Perouz stayed in the veterans’ shelter for five months. He now is enrolled at Louisiana State University-Shreveport studying Psychology. He is grateful to those who helped him at The Salvation Army and volunteers to this day.

“Finding other veterans who experienced similar situations was really comforting,” said Farokhkish. “And gave me a lot of solace to know that you can come out of that. It doesn’t have to stay that way forever.”

The Salvation Army of Shreveport has worked hand in hand with the Overton Brooks VA Hospital by providing transitional and emergency housing for homeless Veterans both male and female.

The veterans shelter offers 29 beds, 24 for men and five for women.

In 2016, The Salvation Army provided nearly 8,000 nights of lodging for veterans and over 20,000 meals serving 250 veterans overall.

To get more information on how The Salvation Army is helping veterans in Shreveport, please click here.

“God’s going to see us through every bit of this.”

All across the country, Salvation Army officers are slowly beginning to find their footing at new appointments. Majors Ernest (Ernie) and Debra (Debbie) Hull are no different. The Hulls spent the first seventeen years of their officerships in the Arkansas-Oklahoma Division. There they became friends and served under the current ALM Divisional Commanders, Majors Steve and Wendy Morris.

“We are known for getting corps out of debt, so they send us where corps are in debt,” Major Ernie Hull says with a smile.

Their current challenge is bigger than any they’ve faced before in every aspect…bigger city, bigger operation, bigger bills to pay. The Hulls are now leading the New Orleans Area Command. While a bigger challenge, the approach will be the same for the Hulls.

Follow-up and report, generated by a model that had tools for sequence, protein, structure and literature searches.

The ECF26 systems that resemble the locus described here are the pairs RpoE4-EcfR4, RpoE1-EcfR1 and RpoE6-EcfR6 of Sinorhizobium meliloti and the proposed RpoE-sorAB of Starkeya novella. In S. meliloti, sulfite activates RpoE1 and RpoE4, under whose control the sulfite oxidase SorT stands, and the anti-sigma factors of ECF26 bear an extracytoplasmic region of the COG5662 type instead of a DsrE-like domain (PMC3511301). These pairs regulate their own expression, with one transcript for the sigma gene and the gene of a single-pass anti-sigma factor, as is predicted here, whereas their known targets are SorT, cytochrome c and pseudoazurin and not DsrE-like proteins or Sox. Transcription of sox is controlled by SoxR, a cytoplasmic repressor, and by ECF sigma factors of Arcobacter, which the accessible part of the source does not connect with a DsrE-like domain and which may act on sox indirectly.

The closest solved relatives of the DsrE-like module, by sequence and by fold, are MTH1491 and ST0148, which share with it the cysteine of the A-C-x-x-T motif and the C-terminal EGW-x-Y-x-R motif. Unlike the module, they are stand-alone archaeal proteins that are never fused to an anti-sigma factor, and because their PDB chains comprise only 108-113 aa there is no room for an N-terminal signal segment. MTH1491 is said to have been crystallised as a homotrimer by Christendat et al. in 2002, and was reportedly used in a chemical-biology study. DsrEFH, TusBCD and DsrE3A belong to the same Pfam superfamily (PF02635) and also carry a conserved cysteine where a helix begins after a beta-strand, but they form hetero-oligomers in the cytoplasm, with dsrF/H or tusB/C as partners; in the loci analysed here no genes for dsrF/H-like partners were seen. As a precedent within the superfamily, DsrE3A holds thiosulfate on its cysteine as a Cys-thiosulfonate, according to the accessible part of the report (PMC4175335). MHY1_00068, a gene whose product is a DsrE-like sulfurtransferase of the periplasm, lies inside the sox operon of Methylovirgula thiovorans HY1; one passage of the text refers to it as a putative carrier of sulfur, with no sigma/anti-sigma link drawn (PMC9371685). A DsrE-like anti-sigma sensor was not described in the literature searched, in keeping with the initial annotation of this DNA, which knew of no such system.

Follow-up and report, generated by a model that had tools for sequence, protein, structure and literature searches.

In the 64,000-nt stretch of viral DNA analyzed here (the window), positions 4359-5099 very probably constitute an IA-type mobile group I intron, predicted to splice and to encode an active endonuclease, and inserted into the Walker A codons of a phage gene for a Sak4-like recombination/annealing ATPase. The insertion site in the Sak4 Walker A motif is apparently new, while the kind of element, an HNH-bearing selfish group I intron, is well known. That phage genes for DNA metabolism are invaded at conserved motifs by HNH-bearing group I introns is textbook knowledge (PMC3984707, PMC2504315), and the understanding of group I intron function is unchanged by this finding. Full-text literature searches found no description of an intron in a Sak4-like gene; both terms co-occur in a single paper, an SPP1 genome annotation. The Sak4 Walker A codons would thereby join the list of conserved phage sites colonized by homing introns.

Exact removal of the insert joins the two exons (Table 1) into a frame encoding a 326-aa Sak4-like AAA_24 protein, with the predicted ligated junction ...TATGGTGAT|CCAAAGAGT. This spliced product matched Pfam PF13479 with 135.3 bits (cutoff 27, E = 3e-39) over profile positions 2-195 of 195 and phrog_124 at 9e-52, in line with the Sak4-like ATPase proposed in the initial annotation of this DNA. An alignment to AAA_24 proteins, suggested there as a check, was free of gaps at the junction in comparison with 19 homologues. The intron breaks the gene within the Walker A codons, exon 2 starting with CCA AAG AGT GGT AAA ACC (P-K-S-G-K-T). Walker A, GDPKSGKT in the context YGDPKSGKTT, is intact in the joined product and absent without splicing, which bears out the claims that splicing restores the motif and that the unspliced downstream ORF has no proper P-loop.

“Everywhere we go we love the community, it becomes our home,” said Major Ernie. “By bettering The Salvation Army, we will better the community at large.”

It’s definitely a team approach. Major Debbie focuses on the finances, and Major Ernie focuses on outreach.

“We’ve learned the goal is to live within our means, streamline the operation,” said Major Ernie. “Get me in front of influential people and we’ll give them the story of the Army. We are going to touch their hearts in order to make the New Orleans Area Command the most efficient command in this Division.”

Major Ernie is also very humbled to now lead the command where his friend, Major Richard Brittle, gave his life helping survivors following Hurricane Katrina.

“I was prepared, but I was humbled walking into the Richard Brittle Center of Hope, knowing my good friend gave his life to save this place. I’m just humbled to carry on a legacy of love he had here.”

New officers complete DHQ staff, celebrate with welcome brunch

The moving trucks are no longer in the driveways, and perhaps a few moving boxes are unpacked. For sure, however, all our officers across the Alabama, Louisiana, Mississippi Division are on the job and getting to know their new homes.

At DHQ, the process is no different. Divisional Headquarters lost four officers, and they have now been replaced with three officers new to the Division.

Captains Mark and Lori Hunter are out new Finance Trainee and Community Care Ministries Secretary. Lieutenant Shimei Hewitt is our new Assistant Divisional Youth Secretary.

Together with the Divisional Commanders, Major Steve and Wendy Morris, the staff at Divisional Headquarters welcomed out three new officers who make us whole once again.

Each new officers was welcomed by a member of the staff from the department they will now call home, and the CRD team of Planned Giving Director, Buddy Graves and Resource Development Director, Erica Bradshaw made sure the new arrivals where up to date on all relative ALM topics like the weather, driving in the south, and new words for their vocabulary (fixintoo).

Tables were decorated by state and with must see attractions across the Division like the NASA museum in Huntsville or the race track in Talledega.

Major Wendy brought an encouraging word for the day.

We are so excited to welcome the Captains Hunter and Lieutenant Hewitt to the Division. They are a part of the ALM family already.

Birmingham Salvation Army Serving After Tornado from Remnants of Cindy